Mr. Jones stated that he had never heard of a failure of the rudder control rod. He said that he knew of cables failures as the result of "ribbing and binding."

He said that the rudder control system operates under "positive pull stress, and that it is a complete loop system." He also said "there was not enough cable and rod assembly to have had such a bend in the rod prior to impact. The rudder pedals would have been deflected, if the rod had been bent, and the pilot would have noticed such a deflection."


Mr. Gene Littlefield, Chairman of the Safety Standards Steering Committee, of the International Council of Air Shows, reviewed the accident video tape and consulted with other air show performers. In his report he stated:

The video coverage seemed to show a poorly executed left snap roll descending to the ground while continuing to turn left. This happened following a nearly perfectly executed left slow roll.

In examining the "stop action" video, the rudder is clearly visible throughout the maneuver but it did not deflect to the left at the onset of the maneuver as it must, to be a left snap roll. As a matter of fact, the rudder does not deflect in either direction at the onset of the maneuver, it stays absolutely neutral.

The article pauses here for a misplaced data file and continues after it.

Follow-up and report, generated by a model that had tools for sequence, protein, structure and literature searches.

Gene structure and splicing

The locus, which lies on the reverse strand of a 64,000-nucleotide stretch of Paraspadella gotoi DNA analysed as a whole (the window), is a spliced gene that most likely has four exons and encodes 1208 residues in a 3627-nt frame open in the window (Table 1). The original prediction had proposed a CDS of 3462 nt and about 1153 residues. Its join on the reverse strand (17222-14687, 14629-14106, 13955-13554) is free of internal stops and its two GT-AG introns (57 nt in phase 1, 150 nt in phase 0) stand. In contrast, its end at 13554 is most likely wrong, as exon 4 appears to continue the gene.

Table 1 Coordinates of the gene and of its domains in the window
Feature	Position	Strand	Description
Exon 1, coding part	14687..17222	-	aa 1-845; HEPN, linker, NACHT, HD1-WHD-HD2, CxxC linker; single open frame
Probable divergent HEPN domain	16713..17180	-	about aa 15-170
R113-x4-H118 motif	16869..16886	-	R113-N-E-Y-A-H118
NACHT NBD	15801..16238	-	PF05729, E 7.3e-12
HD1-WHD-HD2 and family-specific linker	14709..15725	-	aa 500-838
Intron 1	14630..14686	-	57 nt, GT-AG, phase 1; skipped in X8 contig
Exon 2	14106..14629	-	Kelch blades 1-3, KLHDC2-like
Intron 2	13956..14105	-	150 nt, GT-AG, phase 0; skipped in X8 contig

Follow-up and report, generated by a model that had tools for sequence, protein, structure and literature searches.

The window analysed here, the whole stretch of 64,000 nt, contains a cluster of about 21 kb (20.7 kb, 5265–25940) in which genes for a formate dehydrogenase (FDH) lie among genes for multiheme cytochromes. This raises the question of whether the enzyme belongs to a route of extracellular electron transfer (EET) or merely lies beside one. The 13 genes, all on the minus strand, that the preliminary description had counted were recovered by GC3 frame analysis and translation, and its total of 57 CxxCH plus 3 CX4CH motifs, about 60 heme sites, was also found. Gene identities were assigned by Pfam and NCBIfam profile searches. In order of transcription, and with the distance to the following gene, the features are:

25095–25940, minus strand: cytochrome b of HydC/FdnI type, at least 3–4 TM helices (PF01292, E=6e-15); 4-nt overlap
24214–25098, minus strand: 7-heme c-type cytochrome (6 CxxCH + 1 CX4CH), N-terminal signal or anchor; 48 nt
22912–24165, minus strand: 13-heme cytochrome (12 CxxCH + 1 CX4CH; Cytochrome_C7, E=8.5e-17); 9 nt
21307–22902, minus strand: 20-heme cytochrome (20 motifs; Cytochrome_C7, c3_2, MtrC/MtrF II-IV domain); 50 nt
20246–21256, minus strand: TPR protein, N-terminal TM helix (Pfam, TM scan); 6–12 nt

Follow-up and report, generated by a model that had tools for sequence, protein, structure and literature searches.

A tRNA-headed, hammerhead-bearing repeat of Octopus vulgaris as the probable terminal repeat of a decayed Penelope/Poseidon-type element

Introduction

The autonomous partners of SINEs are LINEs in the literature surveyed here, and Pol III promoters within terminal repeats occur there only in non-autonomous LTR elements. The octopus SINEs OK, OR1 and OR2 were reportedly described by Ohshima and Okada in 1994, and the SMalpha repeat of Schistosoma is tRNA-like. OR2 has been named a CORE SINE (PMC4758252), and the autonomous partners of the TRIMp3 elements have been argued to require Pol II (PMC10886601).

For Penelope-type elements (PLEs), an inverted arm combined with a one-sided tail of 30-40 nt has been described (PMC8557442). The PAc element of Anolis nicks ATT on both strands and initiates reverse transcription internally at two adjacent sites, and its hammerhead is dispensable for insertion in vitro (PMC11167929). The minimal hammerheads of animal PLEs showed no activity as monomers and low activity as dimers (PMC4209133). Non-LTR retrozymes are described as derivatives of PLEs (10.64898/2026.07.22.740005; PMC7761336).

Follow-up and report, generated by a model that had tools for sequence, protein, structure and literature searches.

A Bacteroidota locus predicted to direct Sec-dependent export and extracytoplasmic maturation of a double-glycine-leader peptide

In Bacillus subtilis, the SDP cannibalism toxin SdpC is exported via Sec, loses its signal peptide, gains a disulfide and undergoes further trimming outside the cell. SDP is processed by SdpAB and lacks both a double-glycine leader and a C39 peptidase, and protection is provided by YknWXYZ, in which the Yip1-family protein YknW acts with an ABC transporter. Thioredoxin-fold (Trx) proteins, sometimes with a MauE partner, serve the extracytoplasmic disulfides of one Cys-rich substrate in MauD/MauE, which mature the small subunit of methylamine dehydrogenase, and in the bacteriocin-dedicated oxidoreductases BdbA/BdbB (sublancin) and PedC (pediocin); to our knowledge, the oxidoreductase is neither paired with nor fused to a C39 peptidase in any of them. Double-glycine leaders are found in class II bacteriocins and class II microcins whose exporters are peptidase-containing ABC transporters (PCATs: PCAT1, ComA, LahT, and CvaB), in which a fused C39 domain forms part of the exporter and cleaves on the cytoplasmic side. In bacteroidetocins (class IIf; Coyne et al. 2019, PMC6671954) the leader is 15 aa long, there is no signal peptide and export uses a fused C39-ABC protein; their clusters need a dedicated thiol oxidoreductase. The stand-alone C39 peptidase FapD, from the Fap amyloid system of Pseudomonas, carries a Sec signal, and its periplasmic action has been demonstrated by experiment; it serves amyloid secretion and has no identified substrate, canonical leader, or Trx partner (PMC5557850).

Mr. Littlefield's report continued:

The rudder is operational in the left direction, however, as the video shows the aircraft rotates to the left, most likely from "P" factor and torque, then continues left rotation and upon reaching right Knief Edge, left rudder comes into play at full deflection.

The [video] shows a number of interesting items for discussion.

(1) A very high pitch angle for a snap roll.

(This was due to zero rudder input. This presented the bottom of the aircraft to the flight path virtually stopping the forward momentum. The aircraft will eventually rotate left due to "P" factor and torque when the lift is accelerated in this manner. The aircraft at this point did a high lift "half snap" roll to the left and had nearly no forward speed at this point.)

(2) Zero rudder input at the point of snap.

(This appears to be not a snap roll or least not a snap roll in the left direction.}